by Albert Woodfox
Solitary is the unforgettable life story of a man who served more than four decades in solitary confinement--in a 6-foot by 9-foot cell, 23 hours a day, in notorious Angola prison in Louisiana--all for a crime he did not commit. That Albert Woodfox survived was, in itself, a feat of extraordinary endurance against the violence and deprivation he faced daily. That he was able to emerge whole from his odyssey within America's prison and judicial systems is a triumph of the human spirit, and makes his book a clarion call to reform the inhumanity of solitary confinement in the U.S. and around the world.
Arrested often as a teenager in New Orleans, inspired behind bars in his early twenties to join the Black Panther Party because of its social commitment and code of living, Albert was serving a 50-year sentence in Angola for armed robbery when on April 17, 1972, a white guard was killed. Albert and another member of the Panthers were accused of the crime and immediately put in solitary confinement by the warden. Without a shred of actual evidence against them, their trial was a sham of justice that gave them life sentences in solitary. Decades passed before Albert gained a lawyer of consequence; even so, sixteen more years and multiple appeals were needed before he was finally released in February 2016.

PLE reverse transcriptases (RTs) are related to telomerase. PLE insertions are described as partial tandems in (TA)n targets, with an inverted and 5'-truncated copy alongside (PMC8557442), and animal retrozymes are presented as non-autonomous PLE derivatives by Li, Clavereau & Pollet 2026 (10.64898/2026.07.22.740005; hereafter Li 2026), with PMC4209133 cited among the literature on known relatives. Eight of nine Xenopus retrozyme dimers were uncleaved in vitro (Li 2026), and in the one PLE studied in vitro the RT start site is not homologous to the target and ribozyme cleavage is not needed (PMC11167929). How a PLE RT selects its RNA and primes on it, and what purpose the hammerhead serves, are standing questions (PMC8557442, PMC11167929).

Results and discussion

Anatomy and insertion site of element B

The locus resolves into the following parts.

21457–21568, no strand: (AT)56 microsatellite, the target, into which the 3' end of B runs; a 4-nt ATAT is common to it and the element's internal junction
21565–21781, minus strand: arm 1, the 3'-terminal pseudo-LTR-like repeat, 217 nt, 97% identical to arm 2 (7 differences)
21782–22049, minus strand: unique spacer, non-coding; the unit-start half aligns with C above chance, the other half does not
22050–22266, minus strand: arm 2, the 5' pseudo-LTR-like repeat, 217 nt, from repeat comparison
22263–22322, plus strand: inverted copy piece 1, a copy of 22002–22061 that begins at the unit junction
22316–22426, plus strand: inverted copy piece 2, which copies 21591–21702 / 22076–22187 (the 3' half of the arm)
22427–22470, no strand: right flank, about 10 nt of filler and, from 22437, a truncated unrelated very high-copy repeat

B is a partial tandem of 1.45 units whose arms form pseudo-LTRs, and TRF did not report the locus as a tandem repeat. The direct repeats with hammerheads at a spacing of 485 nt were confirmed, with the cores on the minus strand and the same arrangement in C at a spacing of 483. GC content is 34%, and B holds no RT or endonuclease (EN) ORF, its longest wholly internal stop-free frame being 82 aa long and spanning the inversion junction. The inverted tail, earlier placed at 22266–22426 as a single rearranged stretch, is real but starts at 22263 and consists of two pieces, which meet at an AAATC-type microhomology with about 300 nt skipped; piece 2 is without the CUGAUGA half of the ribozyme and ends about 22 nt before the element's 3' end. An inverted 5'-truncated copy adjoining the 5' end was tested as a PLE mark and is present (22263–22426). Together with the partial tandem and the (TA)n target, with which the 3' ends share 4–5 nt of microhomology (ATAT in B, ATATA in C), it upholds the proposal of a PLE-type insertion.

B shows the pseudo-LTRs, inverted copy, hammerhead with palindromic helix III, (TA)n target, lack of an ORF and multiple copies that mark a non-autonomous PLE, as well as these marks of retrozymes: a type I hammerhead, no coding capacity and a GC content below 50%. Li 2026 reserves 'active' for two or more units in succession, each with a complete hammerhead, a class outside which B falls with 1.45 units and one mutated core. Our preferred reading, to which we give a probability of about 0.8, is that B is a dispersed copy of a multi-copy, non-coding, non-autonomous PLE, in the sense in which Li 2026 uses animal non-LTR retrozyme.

Remarkably self-aware that anger or bitterness would have destroyed him in solitary confinement, sustained by the shared solidarity of two fellow Panthers, Albert turned his anger into activism and resistance. The Angola 3, as they became known, resolved never to be broken by the grinding inhumanity and corruption that effectively held them for decades as political prisoners. He survived to give us Solitary, a chronicle of rare power and humanity that proves the better spirits of our nature can thrive against any odds.
"An uncommonly powerful memoir about four decades in confinement . . . A profound book about friendship . . . Woodfox reminds us, in Solitary, of the tens of thousands of men, women, and children in solitary confinement in the United States. This is torture of a modern variety. If the ending of this book does not leave you with tears pooling down in your clavicles, you are a stronger person than I am. More lasting is Woodfox's conviction that the American justice system is in dire need of reform."--Dwight Garner, New York Times
"A candid, heartbreaking, and infuriating chronicle . . . as well as a personal narrative that shows how institutionalized racism festered at the core of our judicial system and in the country's prisons . . . It's impossible to read Solitary and not feel anger . . . A timely memoir of that experience that should be required reading in the age of the Black Lives Matter movement. It's also a story of conviction and humanity that shows some spirits are unbreakable."--NPR